A task force in Nepal has proposed legal changes allowing the country’s central bank to issue its own digital currency. This decision comes after a study indicated that such an initiative is feasible and recommended certain provisions that would authorize the regulator to proceed with its realization.
Central Bank of Nepal prepares legal ground for national digital currency
The Nepal Rastra Bank (NRB) is ready to revise the law determining its powers and responsibilities which would allow the monetary authority to issue a digital version of the country’s fiat currency, the Nepalese rupee. The news follows a study concluding that a central bank digital currency (CBDC) is a feasible project.
According to Revati Nepal, head of the bank’s currency management department, a working group has already drafted an amendment bill. “After internal discussions, we will send the draft law to the government for tabling in parliament,” he added, quoted by the Kathmandu Post on Sunday. Amendments will be made to Nepal’s Rastra Bank Act of 2002.
The study on the matter was announced with the NRB’s 2021-22 monetary policy paper. A team led by Revati Nepal suggested that before developing the CBDC, the regulator should introduce the legal provisions that would enable it to implement it.
Experts have now proposed concrete steps to move forward, including preparing a legal framework for digital currency. “There are suggestions of technical and economic issues to consider,” the NRB official said.
The central bank intends to design a separate digital wallet for the CBDC through which digital banking transactions could be conducted. “Steps will also be taken to explore interoperability with digital payment service providers,” Nepal explained.
Kathmandu in no rush, wants to see how China and India fare with their CBDCs
The executive made it clear that Nepal Rastra Bank was in no rush to issue the digital currency. The Himalayan nation’s monetary authority first wants to observe how neighboring South Asian countries, including India and China, are proceeding with the introduction of their CBDCs. Nepal emphasized:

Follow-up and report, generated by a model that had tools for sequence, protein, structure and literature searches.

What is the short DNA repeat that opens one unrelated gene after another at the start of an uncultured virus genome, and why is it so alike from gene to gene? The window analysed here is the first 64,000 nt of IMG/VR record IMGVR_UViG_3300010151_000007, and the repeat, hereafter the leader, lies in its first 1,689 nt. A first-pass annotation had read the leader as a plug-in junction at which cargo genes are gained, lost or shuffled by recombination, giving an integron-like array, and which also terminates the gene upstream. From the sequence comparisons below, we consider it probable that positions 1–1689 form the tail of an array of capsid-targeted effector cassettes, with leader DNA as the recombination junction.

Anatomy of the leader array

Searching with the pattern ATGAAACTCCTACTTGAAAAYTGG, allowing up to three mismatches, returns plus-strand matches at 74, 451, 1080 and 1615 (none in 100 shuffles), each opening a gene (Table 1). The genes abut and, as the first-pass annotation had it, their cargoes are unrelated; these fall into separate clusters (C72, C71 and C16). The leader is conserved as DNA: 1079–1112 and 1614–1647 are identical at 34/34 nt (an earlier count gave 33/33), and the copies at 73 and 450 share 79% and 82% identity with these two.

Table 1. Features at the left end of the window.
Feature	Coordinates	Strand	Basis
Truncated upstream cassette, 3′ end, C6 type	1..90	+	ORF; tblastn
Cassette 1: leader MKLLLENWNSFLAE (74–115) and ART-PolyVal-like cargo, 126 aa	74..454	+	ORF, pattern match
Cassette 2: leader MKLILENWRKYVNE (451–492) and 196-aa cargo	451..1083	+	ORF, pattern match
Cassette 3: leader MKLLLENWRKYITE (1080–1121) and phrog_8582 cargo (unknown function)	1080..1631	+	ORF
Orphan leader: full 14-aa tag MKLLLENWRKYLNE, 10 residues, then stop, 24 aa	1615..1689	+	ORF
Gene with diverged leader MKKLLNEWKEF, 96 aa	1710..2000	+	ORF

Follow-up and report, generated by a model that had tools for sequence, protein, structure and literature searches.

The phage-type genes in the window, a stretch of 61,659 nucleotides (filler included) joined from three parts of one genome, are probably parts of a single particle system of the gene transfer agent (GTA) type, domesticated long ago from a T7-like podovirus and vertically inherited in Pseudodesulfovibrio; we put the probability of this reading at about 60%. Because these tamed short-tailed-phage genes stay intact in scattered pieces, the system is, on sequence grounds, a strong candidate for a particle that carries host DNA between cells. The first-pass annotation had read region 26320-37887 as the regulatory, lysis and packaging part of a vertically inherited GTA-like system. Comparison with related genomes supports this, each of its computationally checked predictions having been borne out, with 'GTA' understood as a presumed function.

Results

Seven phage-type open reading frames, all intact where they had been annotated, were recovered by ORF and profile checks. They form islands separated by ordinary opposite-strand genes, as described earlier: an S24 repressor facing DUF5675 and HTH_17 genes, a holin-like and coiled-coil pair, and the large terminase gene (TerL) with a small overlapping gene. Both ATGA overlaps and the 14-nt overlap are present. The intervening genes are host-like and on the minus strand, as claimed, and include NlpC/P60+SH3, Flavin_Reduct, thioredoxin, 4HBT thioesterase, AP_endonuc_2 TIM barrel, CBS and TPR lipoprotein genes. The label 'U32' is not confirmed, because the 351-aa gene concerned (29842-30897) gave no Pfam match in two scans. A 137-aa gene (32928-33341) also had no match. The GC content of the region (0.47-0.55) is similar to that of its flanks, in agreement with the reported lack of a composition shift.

We don’t want to take unnecessary risks by rushing into the introduction of digital currency.
Finance Minister of Nepal’s southern neighbour, Nirmala Sitharaman, announced in February that the world’s most populous democracy plans to launch a digital version of its currency in the next fiscal year, which begins on April 1. of the largest economies to introduce digital currency with the Reserve Bank of India (RBI) set to roll it out in 2023.
Nepal’s other powerful neighbor, China, has been exploring the potential of a CBDC since 2014 and is already conducting trials. Cities like Shenzhen, Suzhou and Chengdu became the scene of the initial launch of its digital yuan in 2020. The tests were later extended to other regions, including Hainan province, Shanghai and a number of other cities in 2021. The People’s Bank of China offered athletes and visitors a chance to try e-CNY currency at the Winter Olympics this year.
Various types of digital currencies, including decentralized cryptocurrencies like bitcoin, have been in circulation for years now. However, most governments are in the early stages of developing state-issued digital currencies. According to a Bank for International Settlements survey published in 2021, 86% of central banks were exploring the potential of CBDCs, 60% were experimenting with the technology, and only 14% were rolling out pilot projects.
Nepal still has a long way to go, but the NRB study has produced a concept paper which is currently under review at the bank. “We will identify the way forward after the conclusion of the ongoing discussions,” Revati Nepal said. “It would be good for Nepal to introduce a digital currency with appropriate technology acquired from other countries,” added Prakash Kumar Shrestha, head of the central bank’s economic research department, who highlighted other important aspects. that require special attention, such as cybersecurity.
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